Vendee Globe fleet gathers speed after delayed start

A sea mist shrouding the start zone off Les Sables d’Olonne held up the start of the ninth edition of the Vendée Globe, the solo non-stop round the world race, for nearly one hour and 20 minutes.  

But for their patience the record-sized 33 boat fleet was rewarded by late autumn sunshine, a near perfect 10-12 knots south easterly breezes and flat seas when the start gun finally sounded at 1420hrs French time, sending the lone 27 men and 6 women skippers off on their 24,296 nautical miles round the world challenge.

For the nervous first timers the added delay ratcheted up the tension on top of a morning of bubbling emotions. In contrast, the super-experienced solo racers grabbed a welcome quiet cat-nap after enduring what almost all reported to be a sleepless final night on land.

When the gun sounded at 1420hrs (French time) Louis Burton on Bureau Vallée 2 broke the start line first. But the third-time Vendée Globe skipper, racing the boat which won in 2016-17 and holds the race record, was notably seconds ahead of the gun.

He is penalised according to the strict race rules, required to halt his race for five hours – stopping racing and resuming from the same point – before 38°40,000N, so just north of Lisbon.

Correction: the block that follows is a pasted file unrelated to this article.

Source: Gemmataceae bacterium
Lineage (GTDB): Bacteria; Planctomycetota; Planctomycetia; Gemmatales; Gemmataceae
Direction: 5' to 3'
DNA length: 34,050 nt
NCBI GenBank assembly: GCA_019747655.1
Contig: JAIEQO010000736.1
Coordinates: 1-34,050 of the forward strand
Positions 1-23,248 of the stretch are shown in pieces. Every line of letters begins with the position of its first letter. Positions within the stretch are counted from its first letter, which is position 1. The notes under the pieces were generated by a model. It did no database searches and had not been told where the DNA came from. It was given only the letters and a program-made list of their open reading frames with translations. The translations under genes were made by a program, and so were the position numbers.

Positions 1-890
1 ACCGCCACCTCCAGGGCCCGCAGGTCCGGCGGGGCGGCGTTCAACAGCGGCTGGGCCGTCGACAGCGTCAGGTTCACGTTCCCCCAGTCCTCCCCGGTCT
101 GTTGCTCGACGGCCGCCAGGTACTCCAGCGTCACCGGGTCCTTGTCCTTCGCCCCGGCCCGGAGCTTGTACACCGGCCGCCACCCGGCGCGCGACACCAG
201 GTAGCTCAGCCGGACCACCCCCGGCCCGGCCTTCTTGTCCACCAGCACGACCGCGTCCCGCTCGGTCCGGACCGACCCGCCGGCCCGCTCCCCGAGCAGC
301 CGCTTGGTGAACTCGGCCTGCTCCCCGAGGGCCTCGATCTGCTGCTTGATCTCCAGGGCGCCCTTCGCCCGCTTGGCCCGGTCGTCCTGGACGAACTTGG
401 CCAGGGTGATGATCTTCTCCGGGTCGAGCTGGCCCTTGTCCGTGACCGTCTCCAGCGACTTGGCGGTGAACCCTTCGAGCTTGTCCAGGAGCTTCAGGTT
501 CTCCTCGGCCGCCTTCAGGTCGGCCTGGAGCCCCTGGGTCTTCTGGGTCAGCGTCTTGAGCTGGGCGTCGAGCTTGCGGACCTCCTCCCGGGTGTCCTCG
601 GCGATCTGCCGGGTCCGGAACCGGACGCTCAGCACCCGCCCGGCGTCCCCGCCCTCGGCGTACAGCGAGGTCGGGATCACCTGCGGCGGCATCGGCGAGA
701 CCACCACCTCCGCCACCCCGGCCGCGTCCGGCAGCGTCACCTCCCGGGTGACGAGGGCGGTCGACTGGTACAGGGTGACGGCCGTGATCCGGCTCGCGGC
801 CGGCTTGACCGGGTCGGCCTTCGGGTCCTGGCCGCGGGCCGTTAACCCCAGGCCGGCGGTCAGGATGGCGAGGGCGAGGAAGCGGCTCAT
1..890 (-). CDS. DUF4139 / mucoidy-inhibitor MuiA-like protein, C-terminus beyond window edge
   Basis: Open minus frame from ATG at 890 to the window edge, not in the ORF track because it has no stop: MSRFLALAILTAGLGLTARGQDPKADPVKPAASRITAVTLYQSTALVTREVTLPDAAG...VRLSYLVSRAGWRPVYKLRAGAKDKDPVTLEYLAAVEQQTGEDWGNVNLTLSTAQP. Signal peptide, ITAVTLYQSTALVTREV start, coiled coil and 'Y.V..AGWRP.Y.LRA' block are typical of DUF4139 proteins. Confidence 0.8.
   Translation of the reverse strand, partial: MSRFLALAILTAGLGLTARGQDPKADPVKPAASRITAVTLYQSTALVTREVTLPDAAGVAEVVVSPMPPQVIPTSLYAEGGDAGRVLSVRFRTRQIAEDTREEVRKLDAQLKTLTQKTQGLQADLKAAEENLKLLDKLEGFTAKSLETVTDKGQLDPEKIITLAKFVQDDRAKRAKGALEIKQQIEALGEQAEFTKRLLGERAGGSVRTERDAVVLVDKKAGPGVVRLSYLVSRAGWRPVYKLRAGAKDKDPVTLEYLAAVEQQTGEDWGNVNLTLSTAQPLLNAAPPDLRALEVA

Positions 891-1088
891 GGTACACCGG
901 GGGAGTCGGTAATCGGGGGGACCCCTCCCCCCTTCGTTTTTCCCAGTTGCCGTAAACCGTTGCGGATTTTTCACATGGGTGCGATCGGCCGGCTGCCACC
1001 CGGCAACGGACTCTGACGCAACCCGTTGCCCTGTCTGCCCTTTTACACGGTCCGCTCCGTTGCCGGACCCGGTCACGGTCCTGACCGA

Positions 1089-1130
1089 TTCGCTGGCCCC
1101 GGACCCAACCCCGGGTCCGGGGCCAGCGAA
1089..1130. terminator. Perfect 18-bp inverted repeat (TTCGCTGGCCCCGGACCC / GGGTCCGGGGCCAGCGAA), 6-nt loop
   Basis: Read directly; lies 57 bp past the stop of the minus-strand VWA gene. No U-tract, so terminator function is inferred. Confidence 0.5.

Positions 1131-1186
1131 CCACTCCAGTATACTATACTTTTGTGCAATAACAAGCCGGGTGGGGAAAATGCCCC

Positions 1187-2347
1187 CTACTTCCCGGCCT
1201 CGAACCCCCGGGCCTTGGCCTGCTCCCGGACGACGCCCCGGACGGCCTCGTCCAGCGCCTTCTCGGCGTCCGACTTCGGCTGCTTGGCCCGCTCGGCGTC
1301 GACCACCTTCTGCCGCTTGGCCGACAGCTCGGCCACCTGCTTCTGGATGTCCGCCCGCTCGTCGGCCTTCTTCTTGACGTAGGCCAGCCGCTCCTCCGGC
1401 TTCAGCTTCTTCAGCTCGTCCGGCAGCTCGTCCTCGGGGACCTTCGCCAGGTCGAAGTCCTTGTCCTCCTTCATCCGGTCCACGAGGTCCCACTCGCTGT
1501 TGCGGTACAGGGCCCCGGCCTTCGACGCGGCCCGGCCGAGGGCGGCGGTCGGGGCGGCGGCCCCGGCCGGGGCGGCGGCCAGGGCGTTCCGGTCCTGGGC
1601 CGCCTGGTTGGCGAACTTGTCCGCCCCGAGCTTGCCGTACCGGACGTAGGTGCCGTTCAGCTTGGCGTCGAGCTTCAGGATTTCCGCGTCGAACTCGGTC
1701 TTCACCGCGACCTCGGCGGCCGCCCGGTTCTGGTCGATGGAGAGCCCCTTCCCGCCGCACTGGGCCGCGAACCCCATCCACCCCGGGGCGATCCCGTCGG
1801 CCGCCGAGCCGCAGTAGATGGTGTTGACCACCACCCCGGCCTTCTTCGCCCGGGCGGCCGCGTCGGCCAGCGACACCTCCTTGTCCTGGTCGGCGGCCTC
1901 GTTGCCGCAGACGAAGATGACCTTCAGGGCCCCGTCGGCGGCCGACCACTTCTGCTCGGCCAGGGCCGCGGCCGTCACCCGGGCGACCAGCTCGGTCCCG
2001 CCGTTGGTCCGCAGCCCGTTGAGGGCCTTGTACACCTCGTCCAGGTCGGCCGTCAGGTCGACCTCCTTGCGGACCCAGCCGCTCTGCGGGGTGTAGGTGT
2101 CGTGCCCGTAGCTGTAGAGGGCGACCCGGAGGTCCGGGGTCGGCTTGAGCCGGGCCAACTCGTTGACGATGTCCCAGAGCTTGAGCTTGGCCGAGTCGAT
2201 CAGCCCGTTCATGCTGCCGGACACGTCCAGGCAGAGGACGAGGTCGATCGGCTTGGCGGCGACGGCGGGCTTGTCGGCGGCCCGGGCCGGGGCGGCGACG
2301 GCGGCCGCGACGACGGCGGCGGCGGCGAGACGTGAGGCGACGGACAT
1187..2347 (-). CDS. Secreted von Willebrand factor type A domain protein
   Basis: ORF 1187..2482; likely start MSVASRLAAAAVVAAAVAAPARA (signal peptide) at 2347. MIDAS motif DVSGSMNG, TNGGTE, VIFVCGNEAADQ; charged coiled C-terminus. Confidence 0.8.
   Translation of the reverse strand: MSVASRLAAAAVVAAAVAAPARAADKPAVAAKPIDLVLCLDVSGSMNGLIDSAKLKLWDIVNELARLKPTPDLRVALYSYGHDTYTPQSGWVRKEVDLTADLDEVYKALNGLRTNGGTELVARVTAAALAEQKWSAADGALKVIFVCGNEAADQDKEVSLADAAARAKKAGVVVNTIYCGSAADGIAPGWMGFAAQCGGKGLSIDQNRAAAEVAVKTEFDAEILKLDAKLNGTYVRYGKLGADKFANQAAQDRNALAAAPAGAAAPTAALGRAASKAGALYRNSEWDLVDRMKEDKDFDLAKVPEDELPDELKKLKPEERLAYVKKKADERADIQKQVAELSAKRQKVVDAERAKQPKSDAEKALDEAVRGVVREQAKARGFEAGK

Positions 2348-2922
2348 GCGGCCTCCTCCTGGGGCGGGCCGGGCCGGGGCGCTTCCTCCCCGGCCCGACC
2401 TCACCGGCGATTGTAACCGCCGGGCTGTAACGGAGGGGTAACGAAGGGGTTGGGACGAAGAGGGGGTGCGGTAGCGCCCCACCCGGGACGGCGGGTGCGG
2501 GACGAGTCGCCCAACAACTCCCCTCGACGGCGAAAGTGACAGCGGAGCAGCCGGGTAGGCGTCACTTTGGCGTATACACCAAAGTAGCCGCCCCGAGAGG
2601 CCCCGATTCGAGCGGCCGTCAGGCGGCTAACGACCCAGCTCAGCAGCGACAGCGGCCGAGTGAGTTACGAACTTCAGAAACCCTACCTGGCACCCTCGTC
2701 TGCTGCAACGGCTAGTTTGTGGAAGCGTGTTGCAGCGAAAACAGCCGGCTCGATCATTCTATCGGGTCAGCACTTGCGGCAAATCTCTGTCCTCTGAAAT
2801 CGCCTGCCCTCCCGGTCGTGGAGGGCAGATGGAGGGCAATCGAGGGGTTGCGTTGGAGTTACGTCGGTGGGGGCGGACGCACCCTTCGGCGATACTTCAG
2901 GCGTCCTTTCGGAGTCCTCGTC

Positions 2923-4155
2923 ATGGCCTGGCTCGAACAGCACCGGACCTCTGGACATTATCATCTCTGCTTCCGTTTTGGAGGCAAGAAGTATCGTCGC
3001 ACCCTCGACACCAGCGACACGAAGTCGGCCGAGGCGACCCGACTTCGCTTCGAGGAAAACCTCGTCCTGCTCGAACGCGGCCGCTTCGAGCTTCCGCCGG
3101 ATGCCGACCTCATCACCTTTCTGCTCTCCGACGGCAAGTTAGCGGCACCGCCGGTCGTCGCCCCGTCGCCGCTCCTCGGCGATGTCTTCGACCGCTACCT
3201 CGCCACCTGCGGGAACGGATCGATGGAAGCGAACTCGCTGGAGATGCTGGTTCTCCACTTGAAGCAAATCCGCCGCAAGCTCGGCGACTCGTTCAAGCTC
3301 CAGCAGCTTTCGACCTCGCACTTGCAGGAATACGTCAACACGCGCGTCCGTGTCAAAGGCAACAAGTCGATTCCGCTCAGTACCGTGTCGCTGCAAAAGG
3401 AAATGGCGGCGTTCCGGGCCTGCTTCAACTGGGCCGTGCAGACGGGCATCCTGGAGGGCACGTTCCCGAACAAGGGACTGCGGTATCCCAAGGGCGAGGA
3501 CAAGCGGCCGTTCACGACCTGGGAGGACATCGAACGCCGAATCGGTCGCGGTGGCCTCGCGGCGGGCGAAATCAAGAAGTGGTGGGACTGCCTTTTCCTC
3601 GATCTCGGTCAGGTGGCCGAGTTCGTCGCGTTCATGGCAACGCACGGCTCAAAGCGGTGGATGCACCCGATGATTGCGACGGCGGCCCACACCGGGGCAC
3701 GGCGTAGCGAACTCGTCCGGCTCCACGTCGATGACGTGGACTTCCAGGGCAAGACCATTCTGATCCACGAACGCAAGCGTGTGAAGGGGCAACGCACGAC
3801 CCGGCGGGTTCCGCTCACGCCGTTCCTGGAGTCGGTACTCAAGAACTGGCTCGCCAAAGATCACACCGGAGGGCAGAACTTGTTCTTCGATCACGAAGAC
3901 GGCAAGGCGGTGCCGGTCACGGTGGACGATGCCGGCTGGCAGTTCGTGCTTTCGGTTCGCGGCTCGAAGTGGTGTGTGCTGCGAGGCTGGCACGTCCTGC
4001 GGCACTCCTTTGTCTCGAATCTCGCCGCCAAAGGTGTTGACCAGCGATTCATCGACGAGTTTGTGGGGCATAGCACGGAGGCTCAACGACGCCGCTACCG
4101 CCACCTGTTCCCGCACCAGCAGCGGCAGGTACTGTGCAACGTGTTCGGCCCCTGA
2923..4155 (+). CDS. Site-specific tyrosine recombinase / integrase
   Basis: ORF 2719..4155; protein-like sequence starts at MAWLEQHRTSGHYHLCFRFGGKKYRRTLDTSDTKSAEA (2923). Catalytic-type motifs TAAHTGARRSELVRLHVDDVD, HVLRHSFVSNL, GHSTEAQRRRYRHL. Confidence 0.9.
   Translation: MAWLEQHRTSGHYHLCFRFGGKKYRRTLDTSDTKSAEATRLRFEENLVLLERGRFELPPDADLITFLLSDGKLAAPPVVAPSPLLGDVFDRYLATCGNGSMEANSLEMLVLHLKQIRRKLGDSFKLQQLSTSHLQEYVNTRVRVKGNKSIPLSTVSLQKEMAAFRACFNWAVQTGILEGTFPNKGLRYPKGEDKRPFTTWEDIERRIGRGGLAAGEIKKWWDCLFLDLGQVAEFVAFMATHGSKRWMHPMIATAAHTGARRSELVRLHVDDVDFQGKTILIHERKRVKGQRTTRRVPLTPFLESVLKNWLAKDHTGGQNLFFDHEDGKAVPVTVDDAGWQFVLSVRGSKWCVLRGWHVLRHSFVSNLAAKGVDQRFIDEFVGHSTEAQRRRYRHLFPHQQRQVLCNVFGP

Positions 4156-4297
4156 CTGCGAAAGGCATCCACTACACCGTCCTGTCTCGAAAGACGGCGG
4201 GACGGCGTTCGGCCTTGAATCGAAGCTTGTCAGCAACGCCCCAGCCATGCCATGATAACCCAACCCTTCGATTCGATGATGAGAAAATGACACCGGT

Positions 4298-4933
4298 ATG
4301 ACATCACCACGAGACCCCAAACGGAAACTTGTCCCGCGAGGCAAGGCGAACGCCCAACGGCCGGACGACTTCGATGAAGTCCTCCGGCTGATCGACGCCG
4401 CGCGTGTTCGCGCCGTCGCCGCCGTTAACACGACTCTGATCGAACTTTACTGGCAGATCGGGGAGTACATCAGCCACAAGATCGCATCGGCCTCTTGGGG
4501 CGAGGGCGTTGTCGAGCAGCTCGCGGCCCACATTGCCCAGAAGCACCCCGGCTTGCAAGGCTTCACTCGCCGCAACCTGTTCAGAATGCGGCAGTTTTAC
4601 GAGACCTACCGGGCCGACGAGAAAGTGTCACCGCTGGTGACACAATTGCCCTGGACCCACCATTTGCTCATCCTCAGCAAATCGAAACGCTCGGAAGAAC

With two to three months of racing ahead, safe prudent starts were otherwise the order of the day. But as the fleet accelerated away from the line, the fast, foiling IMOCAs started to build speed on the flat seas.

It was the newest, least proven boat of the eight new 2020 generation builds to line up in this race – the Juan Kouyoumdjian designed Corum L’Épargne sailed by first-timer Nico Troussel, who set the early pace, at the vanguard of an armada heading due west into a complex first week at sea. Pre-race favourite Jérémie Beyou lay second and Britain’s Sam Davies was fourth on Initiatives Coeur.

As the afternoon wore on and the pace lifted, on the heels of a strengthening breeze, Beyou’s Charal held the lead making 26kts ahead of Charlie Dalin on Apivia in second with Briton Alex Thomson gradually winding up the potent HUGO BOSS after his promised safe, steady start, to lie third at 1600hrs local time.


Into the first long night of this Vendée Globe and Jérémie Beyou (Charal) is where he wants to be, leading the charge in a still moderate S’ly breeze which is seeing the leaders making around 17-20 knots of boat speed. On the 21hrs TU ranking there is almost seven miles between Beyou and Alex Thomson on HUGO BOSS who is sixth and was slowed just as the position report was run as was Charlie Dalin on Apivia For sure the breeze has not been as settled as was initially predicted.

The two newest IMOCAs, neither of which has completed a race, are second and third, Nico Troussel moving at 20kts up to second on Corum L’Épargne at 0.7 of mile behind the leader and Armel Tripon on L’Occitaine at +2.7 miles.

Meanwhile a bitterly disappointed Fabrice Amedeo is heading back to Les Sables d’Olonne for what should be a swift pitstop to repair a headsail hook. Amedeo was making seven knots with 24 miles to sail back to Les Sables d’Olonne where he should reach in the small hours of the morning.

Maxime Sorel is going well as the best none foiler in 16th

Jeanneau JY55
M.O.S.S Australia
Race Yachts
Cyclops Marine
Jeanneau JY55
West Systems